Operational Excellence is Culture with THE Peter Malek

Operational Excellence is Culture with THE Peter Malek

Published By : Cydney McCollum November 22, 2022

Operational Excellence is Culture with THE Peter Malek


During Opex (World Annual Operational Excellence & Business Transformation Summit), Host Jimmy Hewitt had the amazing opportunity to sit down with THE Peter Malek, Author and Process & Technology Transformation Leader at Experian. Peter has over 18+ years of progressive achievement in organizational strategy, operational excellence, project/change management, product management and 10+ in leadership. He founded VMWare’s Process Discovery and RPA Practice, and he is now leading productivity at Experian! Tune in to hear his insight on Operational Excellence, Scaling Beyond RPA, and more!


Watch Episode 17 interview now!

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GUEST BACKGROUND:Peter Malek, Author and Process & Technology Transformation Leader at Experian


Management Information Systems (MIS) degree

Double major in Decision Sciences Statistics

Masters in Systems Engineering


Executive Education

Organizational Change Management

Artificial Intelligence Strategy for AI (MIT)

Lean Six Sigma

Master Black Belt

Process Improvement background:

Always focused on process improvement, personally and professionally

  • Grew up playing sports
    • Rowed crew in college
  • Personal trainer
  • 17 years since first introduced to the topic


  • Head of Productivity at Experian
Operational Excellence:

Peter Malek’s Definition: It’s about having a seamless, meaningful, measurable ecosystem

  • People are able to focus on performing the tasks that they love
    • Solving problems
    • Innovating
    • Culture
    • Enablement

Empowerment: Giving people the ability to make decisions and execute against them themselves

Don’t hold people back by rules and layers of approval if they don’t have to be

Give people the room to learn or fail fast and quickly and try things until they figure out a way to do it better


People: where the success lies

Strategy Alignment & Executive Sponsorship

  • If your leaders are on board, they’re going to invest in the necessary technologies and trainings


People Element: How to introduce the people element to process improvement….

  • Adaptability
  • Flexibility
  • Teach people to pick up, leverage, and apply best practices and techniques to help them improve how they can work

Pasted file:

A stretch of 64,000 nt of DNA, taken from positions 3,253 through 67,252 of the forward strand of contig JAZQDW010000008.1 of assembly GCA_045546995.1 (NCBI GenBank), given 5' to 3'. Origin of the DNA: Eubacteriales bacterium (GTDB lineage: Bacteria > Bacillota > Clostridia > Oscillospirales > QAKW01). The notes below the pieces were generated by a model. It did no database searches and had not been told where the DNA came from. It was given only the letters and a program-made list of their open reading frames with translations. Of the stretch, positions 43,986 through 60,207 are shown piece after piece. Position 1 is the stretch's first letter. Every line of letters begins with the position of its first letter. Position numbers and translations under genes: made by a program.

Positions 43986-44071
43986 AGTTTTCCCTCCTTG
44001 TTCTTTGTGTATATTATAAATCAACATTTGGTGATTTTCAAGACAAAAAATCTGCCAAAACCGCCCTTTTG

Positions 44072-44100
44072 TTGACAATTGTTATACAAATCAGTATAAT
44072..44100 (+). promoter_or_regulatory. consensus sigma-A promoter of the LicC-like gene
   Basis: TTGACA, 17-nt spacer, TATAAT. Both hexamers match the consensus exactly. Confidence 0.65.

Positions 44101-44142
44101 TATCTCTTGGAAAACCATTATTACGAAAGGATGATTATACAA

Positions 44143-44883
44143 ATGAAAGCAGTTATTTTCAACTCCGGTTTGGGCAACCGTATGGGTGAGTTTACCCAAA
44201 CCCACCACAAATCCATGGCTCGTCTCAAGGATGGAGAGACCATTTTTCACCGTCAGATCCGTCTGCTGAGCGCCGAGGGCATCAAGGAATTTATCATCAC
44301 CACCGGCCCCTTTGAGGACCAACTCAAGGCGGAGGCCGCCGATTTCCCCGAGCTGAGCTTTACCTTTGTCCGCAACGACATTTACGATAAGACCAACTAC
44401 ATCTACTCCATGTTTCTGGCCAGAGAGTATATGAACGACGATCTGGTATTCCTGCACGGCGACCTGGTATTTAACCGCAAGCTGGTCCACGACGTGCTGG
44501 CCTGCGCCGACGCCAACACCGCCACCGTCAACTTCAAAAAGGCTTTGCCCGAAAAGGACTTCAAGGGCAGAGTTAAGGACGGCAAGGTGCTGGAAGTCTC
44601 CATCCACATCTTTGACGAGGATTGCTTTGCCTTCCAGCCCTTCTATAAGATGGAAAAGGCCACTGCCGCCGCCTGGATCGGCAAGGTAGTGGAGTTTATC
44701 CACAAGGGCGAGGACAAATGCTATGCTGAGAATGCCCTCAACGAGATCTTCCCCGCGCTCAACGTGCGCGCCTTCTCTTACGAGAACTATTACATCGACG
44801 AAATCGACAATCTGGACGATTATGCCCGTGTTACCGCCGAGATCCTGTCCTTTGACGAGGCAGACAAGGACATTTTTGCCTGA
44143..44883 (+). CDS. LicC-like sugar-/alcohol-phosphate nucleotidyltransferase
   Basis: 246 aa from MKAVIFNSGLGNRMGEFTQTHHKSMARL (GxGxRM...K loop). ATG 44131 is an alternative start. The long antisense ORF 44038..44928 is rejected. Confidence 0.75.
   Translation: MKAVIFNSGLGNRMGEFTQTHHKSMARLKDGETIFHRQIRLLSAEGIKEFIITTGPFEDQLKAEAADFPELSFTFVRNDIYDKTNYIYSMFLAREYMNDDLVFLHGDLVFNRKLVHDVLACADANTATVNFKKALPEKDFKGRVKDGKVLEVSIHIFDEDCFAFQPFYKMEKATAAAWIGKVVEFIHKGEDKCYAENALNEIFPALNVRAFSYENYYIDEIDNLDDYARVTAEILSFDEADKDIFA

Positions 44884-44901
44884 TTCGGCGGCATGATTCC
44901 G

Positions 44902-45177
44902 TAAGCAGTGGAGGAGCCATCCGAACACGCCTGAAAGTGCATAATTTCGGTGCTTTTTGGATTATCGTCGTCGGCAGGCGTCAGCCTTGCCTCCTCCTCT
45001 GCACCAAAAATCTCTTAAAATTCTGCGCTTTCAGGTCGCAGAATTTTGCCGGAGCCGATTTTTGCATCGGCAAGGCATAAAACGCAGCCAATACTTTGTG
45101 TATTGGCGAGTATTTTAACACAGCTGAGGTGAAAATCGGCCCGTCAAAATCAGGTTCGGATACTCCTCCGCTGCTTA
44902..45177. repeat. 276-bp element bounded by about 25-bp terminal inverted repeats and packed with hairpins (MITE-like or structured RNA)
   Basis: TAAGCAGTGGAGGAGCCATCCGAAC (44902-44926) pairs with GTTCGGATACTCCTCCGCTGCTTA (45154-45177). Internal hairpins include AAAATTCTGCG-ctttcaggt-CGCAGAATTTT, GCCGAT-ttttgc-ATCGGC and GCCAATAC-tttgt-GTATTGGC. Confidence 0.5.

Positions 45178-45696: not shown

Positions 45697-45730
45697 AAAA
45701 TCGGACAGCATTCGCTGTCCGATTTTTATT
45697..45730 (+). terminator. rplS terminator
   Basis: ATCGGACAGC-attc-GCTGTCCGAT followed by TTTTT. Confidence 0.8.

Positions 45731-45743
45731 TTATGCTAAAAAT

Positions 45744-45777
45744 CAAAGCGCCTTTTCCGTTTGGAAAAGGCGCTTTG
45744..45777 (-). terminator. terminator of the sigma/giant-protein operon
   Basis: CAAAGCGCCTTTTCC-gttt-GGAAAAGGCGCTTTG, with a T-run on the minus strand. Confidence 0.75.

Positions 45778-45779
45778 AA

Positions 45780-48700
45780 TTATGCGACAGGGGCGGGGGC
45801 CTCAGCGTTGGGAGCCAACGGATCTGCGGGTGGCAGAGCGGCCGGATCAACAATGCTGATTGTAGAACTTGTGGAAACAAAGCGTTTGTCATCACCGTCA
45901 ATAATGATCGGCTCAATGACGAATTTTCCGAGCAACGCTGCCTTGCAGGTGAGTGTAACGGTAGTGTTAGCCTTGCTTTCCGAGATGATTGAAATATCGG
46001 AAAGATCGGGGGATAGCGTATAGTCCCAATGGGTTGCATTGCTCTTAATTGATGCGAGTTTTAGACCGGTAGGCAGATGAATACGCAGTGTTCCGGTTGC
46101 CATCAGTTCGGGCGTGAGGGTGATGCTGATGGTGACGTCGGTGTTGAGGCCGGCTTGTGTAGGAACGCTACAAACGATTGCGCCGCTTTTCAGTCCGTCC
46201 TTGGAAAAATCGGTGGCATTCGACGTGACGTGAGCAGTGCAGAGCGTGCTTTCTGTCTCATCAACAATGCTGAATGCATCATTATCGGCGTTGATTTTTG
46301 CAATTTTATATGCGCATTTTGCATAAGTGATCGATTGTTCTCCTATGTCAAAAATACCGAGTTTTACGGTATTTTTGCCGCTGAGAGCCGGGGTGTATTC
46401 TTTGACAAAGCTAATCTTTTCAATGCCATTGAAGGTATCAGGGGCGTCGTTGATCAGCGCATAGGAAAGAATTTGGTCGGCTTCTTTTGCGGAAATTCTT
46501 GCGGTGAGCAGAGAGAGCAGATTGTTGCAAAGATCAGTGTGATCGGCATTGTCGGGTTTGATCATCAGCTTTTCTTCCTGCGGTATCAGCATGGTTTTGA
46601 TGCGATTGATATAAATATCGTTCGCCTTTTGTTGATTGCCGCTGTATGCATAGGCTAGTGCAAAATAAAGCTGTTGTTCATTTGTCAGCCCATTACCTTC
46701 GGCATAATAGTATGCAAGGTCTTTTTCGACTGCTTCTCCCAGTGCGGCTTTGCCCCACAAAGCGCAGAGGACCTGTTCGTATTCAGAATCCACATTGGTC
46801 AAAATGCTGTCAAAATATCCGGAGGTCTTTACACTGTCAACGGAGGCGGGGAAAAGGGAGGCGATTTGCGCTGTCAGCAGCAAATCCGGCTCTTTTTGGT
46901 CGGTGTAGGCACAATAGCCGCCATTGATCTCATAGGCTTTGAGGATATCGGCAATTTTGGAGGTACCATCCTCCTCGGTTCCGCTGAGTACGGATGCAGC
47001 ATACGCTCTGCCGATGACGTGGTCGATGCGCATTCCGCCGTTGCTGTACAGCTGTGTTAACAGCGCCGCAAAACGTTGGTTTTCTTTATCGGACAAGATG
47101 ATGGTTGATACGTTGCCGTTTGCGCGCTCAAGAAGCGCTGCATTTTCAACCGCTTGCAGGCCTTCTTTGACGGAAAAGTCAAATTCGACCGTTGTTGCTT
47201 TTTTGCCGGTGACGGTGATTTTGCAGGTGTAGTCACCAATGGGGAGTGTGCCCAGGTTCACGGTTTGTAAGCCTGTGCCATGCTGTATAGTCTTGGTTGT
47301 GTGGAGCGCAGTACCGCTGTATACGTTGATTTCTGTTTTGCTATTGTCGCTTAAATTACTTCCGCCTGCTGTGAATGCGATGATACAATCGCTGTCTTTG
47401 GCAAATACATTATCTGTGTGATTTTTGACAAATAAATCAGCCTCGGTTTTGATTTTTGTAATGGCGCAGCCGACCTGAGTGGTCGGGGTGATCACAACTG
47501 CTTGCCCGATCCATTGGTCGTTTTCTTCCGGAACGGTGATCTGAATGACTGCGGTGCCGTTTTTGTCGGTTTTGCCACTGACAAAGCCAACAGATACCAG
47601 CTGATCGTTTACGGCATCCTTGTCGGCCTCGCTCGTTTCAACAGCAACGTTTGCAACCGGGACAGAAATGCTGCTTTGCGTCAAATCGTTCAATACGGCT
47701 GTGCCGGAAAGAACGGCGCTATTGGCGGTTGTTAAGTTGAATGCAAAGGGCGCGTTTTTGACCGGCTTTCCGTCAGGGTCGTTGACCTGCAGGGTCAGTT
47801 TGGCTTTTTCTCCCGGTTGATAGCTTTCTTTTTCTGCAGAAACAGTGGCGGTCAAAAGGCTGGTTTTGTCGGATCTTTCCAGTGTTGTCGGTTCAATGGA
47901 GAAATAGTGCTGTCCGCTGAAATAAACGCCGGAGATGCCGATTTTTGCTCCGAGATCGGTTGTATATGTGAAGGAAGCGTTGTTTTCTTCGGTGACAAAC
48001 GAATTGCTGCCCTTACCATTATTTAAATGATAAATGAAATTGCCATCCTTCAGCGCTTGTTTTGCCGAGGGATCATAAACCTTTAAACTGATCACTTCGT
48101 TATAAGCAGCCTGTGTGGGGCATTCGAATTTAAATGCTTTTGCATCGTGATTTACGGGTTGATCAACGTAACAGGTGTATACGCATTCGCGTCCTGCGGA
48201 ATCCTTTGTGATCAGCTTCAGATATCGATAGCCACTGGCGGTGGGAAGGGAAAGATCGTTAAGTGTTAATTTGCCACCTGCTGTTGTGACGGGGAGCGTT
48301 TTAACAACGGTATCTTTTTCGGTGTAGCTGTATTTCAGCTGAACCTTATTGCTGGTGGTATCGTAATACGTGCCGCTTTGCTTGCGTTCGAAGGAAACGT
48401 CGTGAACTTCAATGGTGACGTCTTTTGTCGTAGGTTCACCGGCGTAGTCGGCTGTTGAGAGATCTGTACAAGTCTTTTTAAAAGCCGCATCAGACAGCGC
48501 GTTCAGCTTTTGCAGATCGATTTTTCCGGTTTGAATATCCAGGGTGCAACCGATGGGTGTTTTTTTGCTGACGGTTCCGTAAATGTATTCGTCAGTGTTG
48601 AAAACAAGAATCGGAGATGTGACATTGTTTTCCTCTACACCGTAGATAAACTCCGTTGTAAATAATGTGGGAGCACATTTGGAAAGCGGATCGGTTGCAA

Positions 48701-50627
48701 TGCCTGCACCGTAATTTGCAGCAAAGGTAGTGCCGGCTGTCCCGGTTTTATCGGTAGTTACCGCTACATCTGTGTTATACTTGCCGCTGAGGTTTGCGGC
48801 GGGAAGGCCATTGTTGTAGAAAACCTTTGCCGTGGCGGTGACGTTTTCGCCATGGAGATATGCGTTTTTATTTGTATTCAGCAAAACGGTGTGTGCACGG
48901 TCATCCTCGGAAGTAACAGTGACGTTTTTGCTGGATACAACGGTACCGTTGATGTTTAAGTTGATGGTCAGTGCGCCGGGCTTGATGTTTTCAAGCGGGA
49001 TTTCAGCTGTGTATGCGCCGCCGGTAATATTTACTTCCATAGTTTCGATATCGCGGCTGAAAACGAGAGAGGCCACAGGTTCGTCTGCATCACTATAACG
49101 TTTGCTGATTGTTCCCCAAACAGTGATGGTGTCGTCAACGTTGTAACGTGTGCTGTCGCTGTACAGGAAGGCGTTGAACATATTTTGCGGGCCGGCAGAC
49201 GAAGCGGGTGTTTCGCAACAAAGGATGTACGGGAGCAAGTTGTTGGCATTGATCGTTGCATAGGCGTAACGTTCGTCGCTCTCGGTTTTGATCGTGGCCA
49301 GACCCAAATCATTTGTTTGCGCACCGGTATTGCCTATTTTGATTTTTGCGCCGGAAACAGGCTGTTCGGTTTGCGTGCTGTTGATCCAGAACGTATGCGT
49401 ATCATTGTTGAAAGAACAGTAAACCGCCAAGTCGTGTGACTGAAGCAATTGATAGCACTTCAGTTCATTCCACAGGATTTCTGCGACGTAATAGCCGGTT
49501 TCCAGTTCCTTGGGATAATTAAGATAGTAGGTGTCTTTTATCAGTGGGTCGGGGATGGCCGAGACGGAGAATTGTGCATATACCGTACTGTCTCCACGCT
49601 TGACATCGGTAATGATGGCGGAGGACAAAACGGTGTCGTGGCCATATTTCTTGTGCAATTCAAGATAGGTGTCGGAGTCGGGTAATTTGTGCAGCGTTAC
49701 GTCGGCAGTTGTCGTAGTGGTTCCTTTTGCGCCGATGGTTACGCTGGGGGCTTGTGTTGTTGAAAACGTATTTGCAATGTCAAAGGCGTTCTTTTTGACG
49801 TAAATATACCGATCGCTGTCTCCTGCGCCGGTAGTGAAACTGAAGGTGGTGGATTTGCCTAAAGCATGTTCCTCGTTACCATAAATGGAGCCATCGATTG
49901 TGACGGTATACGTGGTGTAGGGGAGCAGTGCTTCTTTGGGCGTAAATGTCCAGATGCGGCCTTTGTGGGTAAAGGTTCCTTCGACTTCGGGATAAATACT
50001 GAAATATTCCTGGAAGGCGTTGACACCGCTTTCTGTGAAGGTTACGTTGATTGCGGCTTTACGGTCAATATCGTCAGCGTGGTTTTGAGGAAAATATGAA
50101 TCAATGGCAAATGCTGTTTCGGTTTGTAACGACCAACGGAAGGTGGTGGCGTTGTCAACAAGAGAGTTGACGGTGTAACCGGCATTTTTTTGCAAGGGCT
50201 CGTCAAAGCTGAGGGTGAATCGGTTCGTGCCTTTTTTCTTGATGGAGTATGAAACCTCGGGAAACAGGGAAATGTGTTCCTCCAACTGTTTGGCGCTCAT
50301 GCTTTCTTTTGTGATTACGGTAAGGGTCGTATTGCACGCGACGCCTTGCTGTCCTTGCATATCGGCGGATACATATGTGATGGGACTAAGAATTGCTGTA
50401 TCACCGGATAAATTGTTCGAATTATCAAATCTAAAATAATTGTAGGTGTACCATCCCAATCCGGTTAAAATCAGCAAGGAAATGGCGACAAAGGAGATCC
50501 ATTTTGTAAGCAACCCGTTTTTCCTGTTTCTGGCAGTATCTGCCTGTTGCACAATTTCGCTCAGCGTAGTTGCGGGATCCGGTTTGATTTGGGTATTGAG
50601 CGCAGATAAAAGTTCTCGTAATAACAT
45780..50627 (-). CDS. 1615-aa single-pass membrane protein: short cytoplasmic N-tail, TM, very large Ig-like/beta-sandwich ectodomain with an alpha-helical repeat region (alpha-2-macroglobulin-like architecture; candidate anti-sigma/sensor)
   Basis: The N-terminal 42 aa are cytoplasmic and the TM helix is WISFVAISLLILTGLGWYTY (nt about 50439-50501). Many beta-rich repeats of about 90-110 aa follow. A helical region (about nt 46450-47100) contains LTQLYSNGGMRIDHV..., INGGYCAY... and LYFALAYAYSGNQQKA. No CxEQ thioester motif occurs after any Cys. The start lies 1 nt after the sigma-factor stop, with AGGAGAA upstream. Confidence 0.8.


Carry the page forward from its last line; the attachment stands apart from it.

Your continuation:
• Make improvement palatable and simple enough for anybody to be able to pick up and apply in increments
    • As they master the skills, they can then add a little bit more to their toolbox in a continuous improvement process

Start with adjustments people can apply immediately in their day-to-day and then slowly introduce concepts as time moves on

Crawl before you walk, walk before you run, run before you start to fly

You have it go slower than how leadership or a process improvement leader would like to see things move in order to be successful in getting individuals to adopt and accept change

Enterprise Productivity Optimization:

Oftentimes, when there is a transformation program, there is a specialized set of well trained, highly skilled, certified individuals (Example: Lean Six Sigma) being deployed on projects to help facilitate and apply the methods that they have mastered

Culture change: There has to be a philosophical conversation with leadership around the “North Star” and priorities

Change will not happen quickly

Do not want to lose the talent and skills that the organization has along the way

The highly skilled team can work on the intricate part of the strategic projects, but the rest of the enterprise will need time to adjust the way they think and apply concepts

  • Happens in parallel
  • Put the right people in the right seats at the right time
    • Strategy: monitor how many people across the organization are using process mapping methods and skills as part of guiding conversations, solving problems, documenting processes within their teams, achieving goals

Goal: Get them to start using the mindset and tooling in the way that they’re thinking and engaging with others on their teams

Day-to-day way of thinking

Grow to see how it benefits them in terms of how they think and operate

They are thinking through different ways to be innovative or creative

  • Next step: slowly introduce other tools that link processes together
    • Example: Start with documentation and measuring, add process mapping current state, then process mapping future state, then link the two, then “what-if” scenarios form, etc.
      • It becomes an intuitive, natural next step that employees see on their own
      • Opens up conversations in teams
    • Analogy: Don’t smother a fire by putting logs on top that are too big, start with pine needles and twigs and build up
  • Eventually, there will be an intersection between the specialized team and the cultural adaptation within the rest of the enterprise that will allow the business to expand and multiply upon its strategic transformation
    • The rest of the enterprise will also begin identifying additional areas of improvement


Empower program: created a program that is centered around empowering individuals to be able to solve problems and improve how everyone works and to grow the business